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Parental Mental Illness (PMI) and Child Outcomes

A parent’s mental health condition—including depression, low self-esteem, poor impulse control, anxiety and antisocial behavior—has been shown to:

    • Affect attachment formation and the cognitive, emotional, social and behavioral development of children
    • Compromise parenting and be a risk factor for child maltreatment, including abuse and neglect
    • Increase risk for psychiatric disorders developing in childhood, adolescence and adult life 

A recent study asked primary caregivers to report on their child’s mental and physical health as well as their own mental health. Results indicated 1 in 14 children ages 0–17 had a parent who reported poor mental health, and those children were more likely to have:

    • Poor general health 
    • Mental, emotional or developmental disability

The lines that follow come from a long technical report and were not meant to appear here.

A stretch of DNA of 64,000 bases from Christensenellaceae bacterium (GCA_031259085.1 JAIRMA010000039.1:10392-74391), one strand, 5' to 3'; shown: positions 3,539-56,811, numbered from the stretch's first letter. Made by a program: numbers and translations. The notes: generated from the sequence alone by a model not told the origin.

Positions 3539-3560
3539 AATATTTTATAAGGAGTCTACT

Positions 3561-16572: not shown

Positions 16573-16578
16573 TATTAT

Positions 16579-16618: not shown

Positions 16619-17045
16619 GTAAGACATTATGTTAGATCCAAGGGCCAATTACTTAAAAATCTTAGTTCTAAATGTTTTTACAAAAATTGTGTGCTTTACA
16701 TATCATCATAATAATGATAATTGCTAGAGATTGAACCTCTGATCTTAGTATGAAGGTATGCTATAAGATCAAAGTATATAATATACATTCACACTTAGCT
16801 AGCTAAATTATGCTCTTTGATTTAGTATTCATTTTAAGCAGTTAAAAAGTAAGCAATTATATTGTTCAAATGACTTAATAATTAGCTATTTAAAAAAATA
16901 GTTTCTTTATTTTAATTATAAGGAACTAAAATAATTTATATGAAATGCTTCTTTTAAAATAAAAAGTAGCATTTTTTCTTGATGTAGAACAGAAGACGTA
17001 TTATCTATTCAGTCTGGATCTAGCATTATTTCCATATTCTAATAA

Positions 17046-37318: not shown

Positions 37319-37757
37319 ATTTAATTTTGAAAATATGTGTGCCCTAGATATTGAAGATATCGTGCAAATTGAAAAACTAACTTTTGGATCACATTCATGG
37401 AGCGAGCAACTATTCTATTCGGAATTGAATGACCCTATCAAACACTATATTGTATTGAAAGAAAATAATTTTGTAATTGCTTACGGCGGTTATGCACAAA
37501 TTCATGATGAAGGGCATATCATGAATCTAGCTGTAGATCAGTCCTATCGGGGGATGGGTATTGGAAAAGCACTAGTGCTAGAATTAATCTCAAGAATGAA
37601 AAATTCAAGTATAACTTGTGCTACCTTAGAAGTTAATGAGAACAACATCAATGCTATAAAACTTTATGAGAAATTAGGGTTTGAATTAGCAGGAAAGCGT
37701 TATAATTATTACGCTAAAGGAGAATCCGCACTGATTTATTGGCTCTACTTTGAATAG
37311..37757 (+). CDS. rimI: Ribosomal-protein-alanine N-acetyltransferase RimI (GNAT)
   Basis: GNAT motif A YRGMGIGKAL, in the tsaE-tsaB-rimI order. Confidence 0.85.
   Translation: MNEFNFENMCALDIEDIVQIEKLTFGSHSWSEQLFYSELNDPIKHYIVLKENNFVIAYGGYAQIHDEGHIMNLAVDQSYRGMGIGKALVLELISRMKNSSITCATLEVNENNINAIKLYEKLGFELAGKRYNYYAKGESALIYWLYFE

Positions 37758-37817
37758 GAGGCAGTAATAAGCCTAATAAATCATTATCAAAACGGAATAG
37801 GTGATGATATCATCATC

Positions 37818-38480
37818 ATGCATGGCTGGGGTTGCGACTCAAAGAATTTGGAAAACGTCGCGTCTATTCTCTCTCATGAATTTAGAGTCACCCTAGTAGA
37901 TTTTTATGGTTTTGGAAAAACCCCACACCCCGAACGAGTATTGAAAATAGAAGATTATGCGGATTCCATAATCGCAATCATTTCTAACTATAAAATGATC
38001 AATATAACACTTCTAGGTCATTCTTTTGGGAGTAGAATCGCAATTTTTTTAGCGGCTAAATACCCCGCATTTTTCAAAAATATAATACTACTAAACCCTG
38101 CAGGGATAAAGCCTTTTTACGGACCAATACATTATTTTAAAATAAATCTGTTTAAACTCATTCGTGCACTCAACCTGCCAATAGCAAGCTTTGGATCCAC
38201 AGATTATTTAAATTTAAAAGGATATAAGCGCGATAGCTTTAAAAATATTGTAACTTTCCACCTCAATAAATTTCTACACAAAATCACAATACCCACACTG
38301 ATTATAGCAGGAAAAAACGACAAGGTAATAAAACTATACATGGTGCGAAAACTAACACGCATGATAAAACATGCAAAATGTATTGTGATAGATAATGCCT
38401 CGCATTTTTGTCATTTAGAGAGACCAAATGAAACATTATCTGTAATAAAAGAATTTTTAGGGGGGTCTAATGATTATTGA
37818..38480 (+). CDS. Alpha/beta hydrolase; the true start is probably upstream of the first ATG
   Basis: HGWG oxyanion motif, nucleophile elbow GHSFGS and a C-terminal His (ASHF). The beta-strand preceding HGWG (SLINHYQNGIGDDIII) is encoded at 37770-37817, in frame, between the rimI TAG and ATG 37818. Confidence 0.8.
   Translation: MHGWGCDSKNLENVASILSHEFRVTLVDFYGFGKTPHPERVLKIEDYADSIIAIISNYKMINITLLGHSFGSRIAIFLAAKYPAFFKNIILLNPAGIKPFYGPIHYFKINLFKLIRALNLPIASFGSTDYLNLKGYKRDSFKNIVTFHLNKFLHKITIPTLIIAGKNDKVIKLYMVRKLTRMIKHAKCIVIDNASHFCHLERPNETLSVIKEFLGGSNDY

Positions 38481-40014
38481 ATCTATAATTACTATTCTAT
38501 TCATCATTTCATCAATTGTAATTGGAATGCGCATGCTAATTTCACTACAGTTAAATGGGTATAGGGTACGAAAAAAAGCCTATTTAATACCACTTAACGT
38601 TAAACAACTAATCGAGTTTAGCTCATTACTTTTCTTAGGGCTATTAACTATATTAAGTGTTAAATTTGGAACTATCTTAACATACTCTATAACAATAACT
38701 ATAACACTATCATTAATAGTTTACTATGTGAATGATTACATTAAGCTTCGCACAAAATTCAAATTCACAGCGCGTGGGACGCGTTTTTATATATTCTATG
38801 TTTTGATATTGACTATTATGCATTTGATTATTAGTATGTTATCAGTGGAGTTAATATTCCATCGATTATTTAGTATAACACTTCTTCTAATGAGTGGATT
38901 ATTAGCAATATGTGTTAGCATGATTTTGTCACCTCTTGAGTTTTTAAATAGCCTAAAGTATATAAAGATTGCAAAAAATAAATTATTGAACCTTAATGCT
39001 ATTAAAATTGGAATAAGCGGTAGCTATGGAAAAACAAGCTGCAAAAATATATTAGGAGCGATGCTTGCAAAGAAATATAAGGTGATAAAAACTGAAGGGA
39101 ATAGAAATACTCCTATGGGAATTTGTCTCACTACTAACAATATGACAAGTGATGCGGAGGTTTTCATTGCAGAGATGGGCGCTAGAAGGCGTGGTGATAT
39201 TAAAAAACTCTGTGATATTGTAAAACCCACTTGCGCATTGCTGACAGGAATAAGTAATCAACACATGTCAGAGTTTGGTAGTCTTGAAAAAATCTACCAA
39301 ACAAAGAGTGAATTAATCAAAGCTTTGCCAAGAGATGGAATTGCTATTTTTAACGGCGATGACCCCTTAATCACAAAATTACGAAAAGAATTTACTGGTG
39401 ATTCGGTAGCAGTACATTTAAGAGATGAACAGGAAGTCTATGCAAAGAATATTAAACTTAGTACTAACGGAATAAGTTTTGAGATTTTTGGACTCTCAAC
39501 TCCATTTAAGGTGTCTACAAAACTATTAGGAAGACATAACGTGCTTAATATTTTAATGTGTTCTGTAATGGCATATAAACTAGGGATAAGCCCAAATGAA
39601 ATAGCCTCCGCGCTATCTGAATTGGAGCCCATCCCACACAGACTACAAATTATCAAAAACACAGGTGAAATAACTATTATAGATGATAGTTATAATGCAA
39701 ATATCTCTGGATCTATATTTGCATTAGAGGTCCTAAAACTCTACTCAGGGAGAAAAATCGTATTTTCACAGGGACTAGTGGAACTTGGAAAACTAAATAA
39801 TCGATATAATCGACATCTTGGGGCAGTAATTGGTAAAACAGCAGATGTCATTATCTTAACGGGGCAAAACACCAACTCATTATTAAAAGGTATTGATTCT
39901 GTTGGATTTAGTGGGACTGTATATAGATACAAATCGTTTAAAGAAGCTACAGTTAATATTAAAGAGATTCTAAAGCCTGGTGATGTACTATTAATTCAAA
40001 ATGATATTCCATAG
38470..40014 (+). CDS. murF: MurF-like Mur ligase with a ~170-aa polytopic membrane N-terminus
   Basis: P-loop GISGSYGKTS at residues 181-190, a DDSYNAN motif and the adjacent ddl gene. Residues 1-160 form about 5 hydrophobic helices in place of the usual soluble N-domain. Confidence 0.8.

• Adverse childhood experiences (exposure to violence or family disruptions, such as divorce) 
    • Life in poverty

The impact of parental mental health on the lives of children can be either direct or indirect.

Direct impacts include:

    • Inherited genetic make-up 
    • Perinatal exposure to anxiety/depression
    • Exposure to parental mental illness itself 

Indirect impacts include:

    • Socioeconomic disadvantage 
    • Marital conflict

Despite evidence that preventive support for caregiver health and emotional wellbeing is key to optimal child development, there remains little support for parent/caregiver emotional wellbeing, especially in resource-constrained circumstances. 

Two studies conclude the importance that not just children benefit from early intervention, but caregivers can also benefit through improved mental health outcomes:

Research has attempted to understand how best to support families, but mostly looks at the unwell parent. It has neglected the experience of other children in the family and has not sufficiently examined taking an integrative approach—looking at the experiences of the whole family—crucial to understanding the experience of PMI and for outcomes and recovery. 

Other research shows when early childhood interventions are directed at caregivers—by providing information on positive caregiving practices or by otherwise supporting parental wellbeing—outcomes improve for children. These interventions may provide even greater success by supporting the whole family. 

Learn more about the Parenthood Center at CFI…


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